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No. 30:

Today, we'll visit colonial America. The University of Houston's College of Engineering presents this series about the machines that make our civilization run, and the people whose ingenuity created them.

The mood of colonial America was one of confidence, self-assurance, and a passionate belief in freedom. For me it's contained in an image from the Summer of 1790 -- the sight of John Fitch's steamboat moving earnestly up the Delaware River propelled by an array of Indian canoe paddles. Those paddles boldly proclaimed Fitch's amateur-but-functional freedom from any engineering tradition.

We have to understand the intensity of the colonial impulse to be free to understand colonial technology and innovation. The word freedom was much used, and it swept in more than just political independence from England. It also included cultural freedom from Europe. The first significant American poet, Barlow, who repeatedly asserted our cultural independence, brashly called America a theatre for the display of merit of every kind.

Sometimes this impulse toward freedom was downright arrogant. A typical anonymous Revolutionary War song -- set to the skirl of fife and drum -- ends with the lines:

And we'll march up the Heav'nly streets,
And ground our arms at Jesus' feet.

Other times it resulted in simple expressions of pleasure, as in Francis Hopkinson's widely-sung lilting melody, My Days Have Been so Wondrous Free. But in either case, the direct, innocent, home-made, and somehow completely engaging quality of it captures our imaginations. It's strong, affecting, and completely amateur.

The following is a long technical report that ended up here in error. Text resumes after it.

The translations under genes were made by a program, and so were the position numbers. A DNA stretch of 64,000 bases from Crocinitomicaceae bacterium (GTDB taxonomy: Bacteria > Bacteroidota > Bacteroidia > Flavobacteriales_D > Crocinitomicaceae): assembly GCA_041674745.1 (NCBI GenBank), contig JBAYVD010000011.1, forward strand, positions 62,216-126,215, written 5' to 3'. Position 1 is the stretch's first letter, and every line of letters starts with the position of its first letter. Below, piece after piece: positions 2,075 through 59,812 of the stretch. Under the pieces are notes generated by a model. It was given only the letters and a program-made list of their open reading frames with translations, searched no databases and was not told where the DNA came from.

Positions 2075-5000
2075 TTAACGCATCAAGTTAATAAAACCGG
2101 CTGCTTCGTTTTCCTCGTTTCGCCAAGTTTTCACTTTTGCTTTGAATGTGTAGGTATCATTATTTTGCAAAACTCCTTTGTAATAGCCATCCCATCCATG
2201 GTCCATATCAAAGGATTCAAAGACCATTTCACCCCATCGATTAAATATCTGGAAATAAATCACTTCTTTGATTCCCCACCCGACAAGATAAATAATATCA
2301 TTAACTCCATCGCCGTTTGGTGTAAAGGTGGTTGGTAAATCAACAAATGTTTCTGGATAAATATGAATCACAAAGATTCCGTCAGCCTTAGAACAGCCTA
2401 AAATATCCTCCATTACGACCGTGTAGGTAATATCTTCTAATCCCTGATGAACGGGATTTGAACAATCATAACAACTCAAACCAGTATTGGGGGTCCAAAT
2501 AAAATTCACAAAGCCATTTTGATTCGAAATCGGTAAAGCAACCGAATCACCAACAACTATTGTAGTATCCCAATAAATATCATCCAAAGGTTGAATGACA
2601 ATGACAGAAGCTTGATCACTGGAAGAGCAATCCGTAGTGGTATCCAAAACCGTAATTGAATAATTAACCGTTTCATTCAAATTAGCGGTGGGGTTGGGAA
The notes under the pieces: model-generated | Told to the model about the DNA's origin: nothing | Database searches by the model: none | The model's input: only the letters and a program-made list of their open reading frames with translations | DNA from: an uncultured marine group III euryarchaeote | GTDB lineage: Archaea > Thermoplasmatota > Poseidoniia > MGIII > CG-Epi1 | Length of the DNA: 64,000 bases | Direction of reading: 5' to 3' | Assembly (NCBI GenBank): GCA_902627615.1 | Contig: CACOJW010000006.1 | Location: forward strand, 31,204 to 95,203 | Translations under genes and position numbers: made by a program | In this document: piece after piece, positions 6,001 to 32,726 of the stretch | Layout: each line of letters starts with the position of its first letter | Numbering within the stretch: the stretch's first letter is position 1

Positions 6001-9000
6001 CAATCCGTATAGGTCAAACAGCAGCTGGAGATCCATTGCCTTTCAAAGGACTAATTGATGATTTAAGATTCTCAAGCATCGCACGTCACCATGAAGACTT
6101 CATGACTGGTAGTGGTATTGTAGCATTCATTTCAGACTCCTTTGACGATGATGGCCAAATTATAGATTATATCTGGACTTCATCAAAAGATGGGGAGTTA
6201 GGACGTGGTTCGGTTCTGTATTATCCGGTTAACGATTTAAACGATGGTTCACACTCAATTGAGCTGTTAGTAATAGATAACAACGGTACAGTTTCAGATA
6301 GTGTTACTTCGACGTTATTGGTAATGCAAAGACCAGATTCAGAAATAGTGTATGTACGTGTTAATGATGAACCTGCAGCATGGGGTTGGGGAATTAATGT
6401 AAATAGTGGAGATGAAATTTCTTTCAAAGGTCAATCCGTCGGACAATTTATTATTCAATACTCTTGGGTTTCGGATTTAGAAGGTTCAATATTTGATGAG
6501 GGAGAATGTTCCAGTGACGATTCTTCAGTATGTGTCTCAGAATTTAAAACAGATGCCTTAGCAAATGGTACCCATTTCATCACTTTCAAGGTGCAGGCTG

Revolutionary America does that to you again and again. You see Jefferson's mansion at Monticello, of which art historian Kenneth Clark says:

He had to invent a great deal of it himself ... Doors that open as one approaches them, a clock that tells the days of the week, a bed so placed that one gets out of it into either of two rooms -- all this suggests the quirky ingenuity of a creative man working alone outside any accepted body of tradition.

You find self-taught Ben Franklin providing the world with really important and permanent insights into the nature of electricity. You discover a small band of home-grown intellectuals inventing a government of and by their people.

The engineering of this new land had the mind-set of people who knew that they could do whatever they wanted to do and do it better than -- and without reference to -- what had been done before. Whether it was designing the perfect capital city, building the Erie canal, or marching their armies "right up the heav'nly street" -- they knew that nothing was beyond them.

The worm of self-doubt afflicts so much of our technology today. But it was not to be found among these people. With clear, childlike self-assurance, they really did do the impossible.

I'm John Lienhard, at the University of Houston, where we're interested in the way inventive minds work.

(Theme music)

This episode is based on fragments of many sources. See, for example, Silverman, K., A Cultural History of the American Revolution: PAINTING, MUSIC, LITERATURE and the THEATRE in the Colonies and the United States from the Treaty of Paris to the Inauguration of George Washington, 1763-1789. New York: Columbia University Press, 1987.

This episode has been revised as Episode 1365.